Day 7 – Home Time & Selfie Time

Posted in News

Today was the day!!  There’s nothing like meeting your doctor in the early hours of the morning and being told that you can go home.  I must have looked like a kid in a lolly shop!


Despite still having fluid draining at a moderate rate, the risk of infection with the drains staying in longer starts to increase after day 7.  It was music to my ears, I really wanted to be home for the weekend if it was safe to do so.

All I needed to do now was have the drains removed, shower, pack up my belongings and head home.  I will admit to a tiny bit of concern with the drains being removed.  I guess with them being in there for 7 days, there was a chance that it would hurt.  In fact, almost every person I have spoken to who has had the same procedure had warned me about the drains being removed. Some women have told me that it was worse pain than the surgery, others said it was excruciating, some screamed, others cried but pretty much everyone told me it was bad!! I decided to take one last selfie with my cool looking drains, it’s a gorgeous photo I know!!

Day 7_9

In the end, it didn’t hurt one little bit.  In all honesty, I didn’t even feel them come out.  The drains barely left a mark on my body and I’m sure that in a few months from now I’ll struggle to see the holes left behind.  At least I’ve got two moles to remind me on my left side where the drains were!!

Day 7_18_drains

Once the drains were out, it was time for a quick shower, a couple of day 7 selfies without the drain bags and that’s it, I’m released, discharged, going home – whoo hoo!

I have decided to share a collage of my body 7 days post op here in this blog.  I realise some may find the images confronting, perhaps even offensive, ugly, unattractive and disfigured.  I’d like to make it clear that they are in no way sexual or intimate, these images are simply a visual representation of my new body, a body that I’m embracing as I now navigate life without a risk of being one of the women in my family to be diagnosed with breast cancer.


The images make me feel proud.  I love my new body, I probably love it more than what it looked like prior to my surgery and not because I now have a flat chest with stitches for nipples and scars that will never go away, I love it because I have realised during this process that we are so much more than our bodies.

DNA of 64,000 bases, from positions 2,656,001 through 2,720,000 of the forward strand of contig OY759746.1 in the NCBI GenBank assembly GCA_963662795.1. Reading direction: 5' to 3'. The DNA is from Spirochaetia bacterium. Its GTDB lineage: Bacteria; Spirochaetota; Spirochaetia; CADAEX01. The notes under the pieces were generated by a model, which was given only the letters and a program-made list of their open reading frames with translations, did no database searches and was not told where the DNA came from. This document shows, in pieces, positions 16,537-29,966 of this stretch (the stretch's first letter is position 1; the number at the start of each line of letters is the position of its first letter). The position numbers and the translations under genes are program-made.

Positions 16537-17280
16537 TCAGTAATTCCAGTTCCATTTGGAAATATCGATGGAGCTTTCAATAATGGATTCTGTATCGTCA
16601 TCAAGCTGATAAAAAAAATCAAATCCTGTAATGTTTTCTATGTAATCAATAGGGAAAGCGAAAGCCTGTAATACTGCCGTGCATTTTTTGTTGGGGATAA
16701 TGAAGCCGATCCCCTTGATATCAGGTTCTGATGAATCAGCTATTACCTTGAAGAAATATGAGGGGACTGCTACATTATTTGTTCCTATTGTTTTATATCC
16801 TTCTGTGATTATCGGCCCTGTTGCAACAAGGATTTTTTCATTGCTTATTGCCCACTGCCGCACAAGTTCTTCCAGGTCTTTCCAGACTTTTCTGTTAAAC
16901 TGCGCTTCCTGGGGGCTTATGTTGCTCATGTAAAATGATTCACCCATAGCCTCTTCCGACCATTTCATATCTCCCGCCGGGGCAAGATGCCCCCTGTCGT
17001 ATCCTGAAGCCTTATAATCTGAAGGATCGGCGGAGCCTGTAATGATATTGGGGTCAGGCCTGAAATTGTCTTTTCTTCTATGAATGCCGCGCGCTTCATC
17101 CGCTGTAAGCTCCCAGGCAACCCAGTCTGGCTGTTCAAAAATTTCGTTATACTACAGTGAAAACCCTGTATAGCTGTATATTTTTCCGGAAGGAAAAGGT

My children will never hear me complain about the way I look, nor will I spend time giving myself grief for the next 50+ years about what I don’t like about my exterior self.  We can’t really change the way we look, but we can change the attitude towards our external selves and the way we communicate it to others.

I don’t know about you, but I was always taught that “beauty is only skin deep”, how about we all start really acting that way.  I invite you to see what I look like externally now, and remind you that my beauty lies within me.

Beautiful quote

From the front, you can see that there is some bruising around the area where my breasts were removed, this has slowly come out over the past 7 days, but it’s still very limited bruising and there’s no discomfort or pain.  The odd or bumpy shape of my skin around that area is the contour of the expanders, which are effectively empty bags awaiting fill before any reconstruction can take place.  They are hard and I mean really hard!!  If you want to touch them, just ask me, I’m not shy about it!!

Day 7_5

The stitches look really great, you might not be able to see it, but there’s actually invisible tape that’s been in place permanently since the surgery sitting over the scars.  I’m sure that once the tape is removed it will look a lot less red.

In the close up of my lefty below, you can see that it’s extremely neat and not as ‘sore’ looking than the full chesty selfie.

Day 7_1_left

The righty looks a little more inflamed, but I think it’s because of the extra dried blood that sits under the tape on this side.

Day 7_3_right

Both scars aren’t painful in anyway and other than an overall ‘tight’ feeling in my chest, I have no pain at all and it’s pretty much been this way since I woke up.